CLCIV 223 - Greeks and Barbarian
Section: 001
Term: FA 2018
Subject: Classical Civilization (CLCIV)
Department: LSA Classical Studies
Requirements & Distribution:
May not be repeated for credit.
Primary Instructor:

The ancient Greeks were inveterate wanderers. Many of their greatest heroes were adventurers like Perseus, Odysseus, and Jason. In the first millennium BCE, Greek explorers, traders, colonists, and mercenaries traveled all over the Mediterranean basin and adjacent regions, from Gibraltar to Afghanistan, from the Nile Valley to the Black Sea. They invariably left their mark on the places they encountered, and they were in turn deeply influenced by the various peoples they called Barbaroi, or speakers of incomprehensible languages.

This course offers an archaeological perspective on the interactions between Greeks and non-Greeks, and on how those experiences helped to shape both groups. Archaeology, the study of visual and material culture and the ongoing exploration of the physical remains of ancient civilizations, supplies perspectives on ancient Greek and related cultures that both illustrate and complement the information gained from written sources. New discoveries from every corner of the ancient world continue to add to, and sometimes to confound, received wisdom. Most importantly, archaeology enables us to tell the stories of the foreigners the Greeks encountered on their own terms, and not only in the words of Greek authors.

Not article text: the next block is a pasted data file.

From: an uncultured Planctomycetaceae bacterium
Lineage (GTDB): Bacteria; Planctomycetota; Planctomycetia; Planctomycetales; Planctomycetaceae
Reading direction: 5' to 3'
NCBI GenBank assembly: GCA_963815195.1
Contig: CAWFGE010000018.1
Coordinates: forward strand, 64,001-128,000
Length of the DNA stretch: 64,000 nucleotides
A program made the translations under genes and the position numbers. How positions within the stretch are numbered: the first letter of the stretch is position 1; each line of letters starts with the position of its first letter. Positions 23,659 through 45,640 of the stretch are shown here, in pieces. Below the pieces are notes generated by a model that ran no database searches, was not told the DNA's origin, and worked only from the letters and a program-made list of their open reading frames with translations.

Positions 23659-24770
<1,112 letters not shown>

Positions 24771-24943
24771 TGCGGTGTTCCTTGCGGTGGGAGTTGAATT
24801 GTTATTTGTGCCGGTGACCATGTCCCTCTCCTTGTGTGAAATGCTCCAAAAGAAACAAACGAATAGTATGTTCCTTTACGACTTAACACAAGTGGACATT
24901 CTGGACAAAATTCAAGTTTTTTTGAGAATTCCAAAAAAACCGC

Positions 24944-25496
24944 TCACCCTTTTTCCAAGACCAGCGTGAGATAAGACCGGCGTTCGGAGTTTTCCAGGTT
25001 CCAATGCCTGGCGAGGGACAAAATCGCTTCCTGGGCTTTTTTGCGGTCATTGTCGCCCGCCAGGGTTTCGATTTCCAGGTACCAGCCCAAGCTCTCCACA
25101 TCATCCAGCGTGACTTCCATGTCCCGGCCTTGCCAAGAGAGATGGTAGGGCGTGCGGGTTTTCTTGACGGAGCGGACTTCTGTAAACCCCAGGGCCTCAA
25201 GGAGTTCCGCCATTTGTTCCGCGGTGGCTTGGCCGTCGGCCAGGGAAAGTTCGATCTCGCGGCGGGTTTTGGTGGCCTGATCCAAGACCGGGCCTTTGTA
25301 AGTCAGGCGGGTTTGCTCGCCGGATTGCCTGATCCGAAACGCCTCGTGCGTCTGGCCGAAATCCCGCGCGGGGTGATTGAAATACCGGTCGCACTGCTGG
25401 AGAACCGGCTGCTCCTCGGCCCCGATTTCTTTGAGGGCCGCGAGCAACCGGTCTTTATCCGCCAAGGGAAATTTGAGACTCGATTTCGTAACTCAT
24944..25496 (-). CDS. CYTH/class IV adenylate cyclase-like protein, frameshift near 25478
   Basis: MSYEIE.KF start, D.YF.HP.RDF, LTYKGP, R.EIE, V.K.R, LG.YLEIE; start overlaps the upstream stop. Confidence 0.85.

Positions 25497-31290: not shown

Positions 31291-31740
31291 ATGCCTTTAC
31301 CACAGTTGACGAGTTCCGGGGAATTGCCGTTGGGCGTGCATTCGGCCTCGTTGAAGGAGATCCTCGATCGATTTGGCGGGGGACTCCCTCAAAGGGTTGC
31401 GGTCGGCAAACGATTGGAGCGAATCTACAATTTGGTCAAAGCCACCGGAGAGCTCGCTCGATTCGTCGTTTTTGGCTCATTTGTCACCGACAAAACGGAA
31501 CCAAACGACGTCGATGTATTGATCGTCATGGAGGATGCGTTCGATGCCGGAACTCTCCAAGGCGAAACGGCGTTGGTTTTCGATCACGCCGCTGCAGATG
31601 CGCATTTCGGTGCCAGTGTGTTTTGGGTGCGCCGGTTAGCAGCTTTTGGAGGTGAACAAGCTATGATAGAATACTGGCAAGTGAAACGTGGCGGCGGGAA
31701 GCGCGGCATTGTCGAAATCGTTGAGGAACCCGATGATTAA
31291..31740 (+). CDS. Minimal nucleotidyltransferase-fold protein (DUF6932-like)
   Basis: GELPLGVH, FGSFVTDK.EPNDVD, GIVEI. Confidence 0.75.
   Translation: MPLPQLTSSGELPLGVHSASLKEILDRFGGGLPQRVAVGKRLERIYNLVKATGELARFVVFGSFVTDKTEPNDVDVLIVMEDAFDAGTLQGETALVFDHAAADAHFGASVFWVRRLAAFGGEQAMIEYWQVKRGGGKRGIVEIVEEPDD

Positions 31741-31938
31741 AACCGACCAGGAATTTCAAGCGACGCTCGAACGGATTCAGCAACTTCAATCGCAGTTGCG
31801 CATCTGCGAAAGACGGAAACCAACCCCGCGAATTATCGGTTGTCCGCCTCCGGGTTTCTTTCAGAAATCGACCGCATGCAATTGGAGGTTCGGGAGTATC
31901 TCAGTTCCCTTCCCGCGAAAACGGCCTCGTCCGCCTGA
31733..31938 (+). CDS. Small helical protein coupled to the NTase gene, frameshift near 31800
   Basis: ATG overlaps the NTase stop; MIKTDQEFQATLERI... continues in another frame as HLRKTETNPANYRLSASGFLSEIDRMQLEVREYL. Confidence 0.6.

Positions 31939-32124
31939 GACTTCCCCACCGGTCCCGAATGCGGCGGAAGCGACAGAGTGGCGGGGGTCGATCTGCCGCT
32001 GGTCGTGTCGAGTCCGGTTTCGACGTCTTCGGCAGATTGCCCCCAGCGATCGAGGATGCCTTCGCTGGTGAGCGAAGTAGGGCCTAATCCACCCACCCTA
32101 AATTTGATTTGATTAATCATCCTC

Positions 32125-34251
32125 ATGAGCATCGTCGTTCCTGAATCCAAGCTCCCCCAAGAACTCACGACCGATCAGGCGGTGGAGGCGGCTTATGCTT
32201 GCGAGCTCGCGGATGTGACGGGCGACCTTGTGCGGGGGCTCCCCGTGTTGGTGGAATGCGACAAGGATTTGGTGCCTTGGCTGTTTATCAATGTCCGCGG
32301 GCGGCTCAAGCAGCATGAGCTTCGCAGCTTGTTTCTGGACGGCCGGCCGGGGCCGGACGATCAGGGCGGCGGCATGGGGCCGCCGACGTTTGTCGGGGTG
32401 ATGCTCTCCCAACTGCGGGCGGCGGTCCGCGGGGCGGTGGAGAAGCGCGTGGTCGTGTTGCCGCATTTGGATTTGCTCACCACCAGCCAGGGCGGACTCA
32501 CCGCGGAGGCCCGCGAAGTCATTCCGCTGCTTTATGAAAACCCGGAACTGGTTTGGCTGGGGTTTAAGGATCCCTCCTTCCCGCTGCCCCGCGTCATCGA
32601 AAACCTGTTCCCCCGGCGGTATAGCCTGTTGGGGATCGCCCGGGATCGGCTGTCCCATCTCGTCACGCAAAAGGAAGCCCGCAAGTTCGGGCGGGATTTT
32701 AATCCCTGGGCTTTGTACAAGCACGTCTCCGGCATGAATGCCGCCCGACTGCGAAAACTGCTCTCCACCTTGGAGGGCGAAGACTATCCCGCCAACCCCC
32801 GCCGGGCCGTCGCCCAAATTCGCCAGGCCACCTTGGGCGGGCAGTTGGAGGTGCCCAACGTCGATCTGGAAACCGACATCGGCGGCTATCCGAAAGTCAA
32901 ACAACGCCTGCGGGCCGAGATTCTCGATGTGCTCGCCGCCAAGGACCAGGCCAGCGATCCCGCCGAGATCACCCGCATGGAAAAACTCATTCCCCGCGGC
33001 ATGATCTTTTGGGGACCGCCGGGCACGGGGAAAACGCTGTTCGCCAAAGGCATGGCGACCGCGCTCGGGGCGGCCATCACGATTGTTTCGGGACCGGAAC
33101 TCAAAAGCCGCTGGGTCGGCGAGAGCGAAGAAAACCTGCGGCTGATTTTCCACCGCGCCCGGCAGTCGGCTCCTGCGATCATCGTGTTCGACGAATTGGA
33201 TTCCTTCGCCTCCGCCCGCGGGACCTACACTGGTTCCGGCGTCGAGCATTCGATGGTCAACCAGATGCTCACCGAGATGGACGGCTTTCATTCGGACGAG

Inasmuch as we all define ourselves in relation to others, it was in a very real sense their exposure to different peoples and places that made the Greeks Greek. This aspect of Greek cultural self-definition remains relevant today, both because it helps to illuminate modern institutions such as democracy that have their roots in ancient Greece, and because it helps to illustrates modes of cultural accommodation and conflict, and problems of ethnicity and identity, that are still very much alive in our own multicultural world.

Course Requirements:

3 short (1000 word) essays; Midterm and Final Exams

Intended Audience:

No previous knowledge or coursework required

Class Format:

2 lectures and 1 discussion section per week

CLCIV 223 - Greeks and Barbarian
Schedule Listing
001 (LEC)
TuTh 2:30PM - 4:00PM
002 (DIS)
F 11:00AM - 12:00PM
003 (DIS)
W 11:00AM - 12:00PM
004 (DIS)
F 1:00PM - 2:00PM
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